Friday 19 November 2021

Film Review: Last Night in Soho

After cutting his teeth in comedy, Edgar Wright moves into the horror genre with Last Night in Soho.

Wright's sixth major feature film is a tale of two young women; Eloise (Thomasin McKenzie), who leaves her sleepy Cornish town to study fashion in London, and Sandie (Anya Taylor-Joy), an ethereal 60s songstress who Eloise mysteriously dreams about at night.

Somehow transported from her dingy Soho bedsit to the Swinging Sixties in their pomp, Eloise revels in the shining lights, hip music, groovy dancefloors and colourful characters. However, it isn't long before the dark underbelly of Soho's nightclub scene comes reveals itself, and Eloise begins to fear for Sandie's safety – and seedy men in her like, like Matt Smith's Jack, start to make their true intentions clear. 

An original story that Wright penned alongside 1917 scribe Krysty Wilson-Cairns, Last Night in Soho is both more of the same and something very different from the British filmmaker. His first foray into horror and his first film to be fronted by not one but two female protagonists, Last Night in Soho is a significant tonal and thematic departure from a director who, in the past, has centred his work on dudes having fun with genre, like zombies (Shaun of the Dead), cops (Hot Fuzz), aliens (The World's End) and heists (Baby Driver).

It's grimier and grislier, with eerie ghosts and some genuine scares packed in here – nary a laugh to be seen. It's partly a period piece too, with 60s Soho realised in colourful detail – from the vintage fashion and electric needle drops (The Kinks, Cilla Black, Sandie Shaw) to dazzling billboards and marquees that adorn so many of London's West End. In fact, the whole film is a visual treat – but that's par for the course with Wright at this point. Bold neon colours, captured by cinematographer Chung Chung-hoon, are clearly inspired by Dario Argento's Suspiria.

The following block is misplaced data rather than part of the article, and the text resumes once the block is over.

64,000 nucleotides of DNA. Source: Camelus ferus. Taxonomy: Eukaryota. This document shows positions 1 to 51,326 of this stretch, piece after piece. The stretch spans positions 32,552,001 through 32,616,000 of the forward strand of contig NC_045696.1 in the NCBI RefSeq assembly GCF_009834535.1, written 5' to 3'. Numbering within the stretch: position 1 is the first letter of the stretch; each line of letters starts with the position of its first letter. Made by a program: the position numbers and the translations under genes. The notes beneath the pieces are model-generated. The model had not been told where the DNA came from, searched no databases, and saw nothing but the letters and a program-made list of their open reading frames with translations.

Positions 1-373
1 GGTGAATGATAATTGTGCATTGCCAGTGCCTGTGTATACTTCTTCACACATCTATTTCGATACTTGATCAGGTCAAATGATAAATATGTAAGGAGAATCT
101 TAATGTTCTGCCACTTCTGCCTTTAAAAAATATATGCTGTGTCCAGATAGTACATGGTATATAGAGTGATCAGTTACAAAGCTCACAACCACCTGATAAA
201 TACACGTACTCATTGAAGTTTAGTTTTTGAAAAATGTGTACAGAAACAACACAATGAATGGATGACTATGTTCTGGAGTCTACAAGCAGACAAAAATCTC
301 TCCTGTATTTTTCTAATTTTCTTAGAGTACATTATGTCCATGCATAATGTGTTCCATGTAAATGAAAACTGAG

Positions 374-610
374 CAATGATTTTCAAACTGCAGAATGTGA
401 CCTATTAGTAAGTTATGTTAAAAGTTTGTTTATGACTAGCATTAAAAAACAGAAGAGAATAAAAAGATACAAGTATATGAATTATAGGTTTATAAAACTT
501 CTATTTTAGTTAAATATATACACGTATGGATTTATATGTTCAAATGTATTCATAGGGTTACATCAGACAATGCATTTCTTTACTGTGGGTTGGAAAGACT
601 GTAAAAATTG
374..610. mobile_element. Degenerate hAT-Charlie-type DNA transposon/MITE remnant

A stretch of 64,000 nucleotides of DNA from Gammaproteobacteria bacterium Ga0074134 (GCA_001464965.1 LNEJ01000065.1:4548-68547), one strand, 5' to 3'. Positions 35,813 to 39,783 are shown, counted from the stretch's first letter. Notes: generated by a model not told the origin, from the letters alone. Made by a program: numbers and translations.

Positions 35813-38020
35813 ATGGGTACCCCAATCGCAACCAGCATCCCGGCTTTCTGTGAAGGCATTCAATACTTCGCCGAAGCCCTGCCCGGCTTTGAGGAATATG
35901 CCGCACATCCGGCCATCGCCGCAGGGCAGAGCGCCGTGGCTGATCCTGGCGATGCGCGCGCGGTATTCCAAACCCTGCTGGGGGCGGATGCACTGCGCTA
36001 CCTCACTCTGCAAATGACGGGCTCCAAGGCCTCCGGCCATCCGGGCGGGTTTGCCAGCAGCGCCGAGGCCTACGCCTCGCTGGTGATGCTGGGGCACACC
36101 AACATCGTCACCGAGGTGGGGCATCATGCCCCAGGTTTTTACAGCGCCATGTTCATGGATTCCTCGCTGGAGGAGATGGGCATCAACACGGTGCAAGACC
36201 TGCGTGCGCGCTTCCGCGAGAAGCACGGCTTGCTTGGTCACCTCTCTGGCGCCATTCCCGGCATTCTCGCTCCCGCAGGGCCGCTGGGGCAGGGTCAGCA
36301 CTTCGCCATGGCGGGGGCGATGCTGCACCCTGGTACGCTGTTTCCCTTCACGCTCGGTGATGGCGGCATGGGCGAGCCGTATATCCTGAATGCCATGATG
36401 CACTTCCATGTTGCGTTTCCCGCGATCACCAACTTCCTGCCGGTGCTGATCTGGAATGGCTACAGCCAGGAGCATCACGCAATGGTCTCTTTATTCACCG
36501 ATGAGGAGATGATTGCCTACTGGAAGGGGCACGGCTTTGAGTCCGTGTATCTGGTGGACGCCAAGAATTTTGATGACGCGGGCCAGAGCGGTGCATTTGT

With a terrific twofer at its centre, the film works best when it retains focused on the core construct; Eloise's fascination (and gradual realisation) about London's dark past, and Sandie's parallel disillusionment and despair at the nastiness that lurks beneath those shining stage lights. It certainly helps to no end that both McKenzie and Taylor-Joy are two of the most talented young actresses working today.

The former brings a wide-eyed eagerness to the first act, before being visibly transformed over the film's runtime from wholesome country girl to haunted and dishevelled – with McKenzie capturing the nuances of that arc with aplomb. Meanwhile, Taylor-Joy brings the same poise and unmistakable screen presence to Last Night in Soho that she did to Netflix series The Queen's Gambit

Smith is a seedy, sinister smooth-talker in a role that suits him down to the ground, while British staples like Terence Stamp and a terrific posthumous performance from Diana Rigg further elevate this film.

Wright utilises a raft of clever camera trickery to transport Eloise to the past; from a string of Texas switches for an impressive ballroom one-shot during the film's first trip back in time, to some trick photography that place McKenzie in mirrors and reflections opposite Taylor-Joy via practical means.

As the film edges towards the two hours mark, the plot does lose steam, with the third act in particular dragging ever so slightly. But on the whole, this is another confident and clever genre piece from one of Britain's most recognised and celebrated moviemakers of the past two decades. 

The Verdict: 8/10

Even if it errs more towards style than it does substance, I can't shake the feeling that Last Night in Soho is exactly the kind of bold, slick film that we should be championing. With a grisly, time-twisting plot that has something (ever so slight) to say, this is an impressive, original film for adults – something that is all too uncommon nowadays. 

Last Night in Soho is in cinemas across Australia now.

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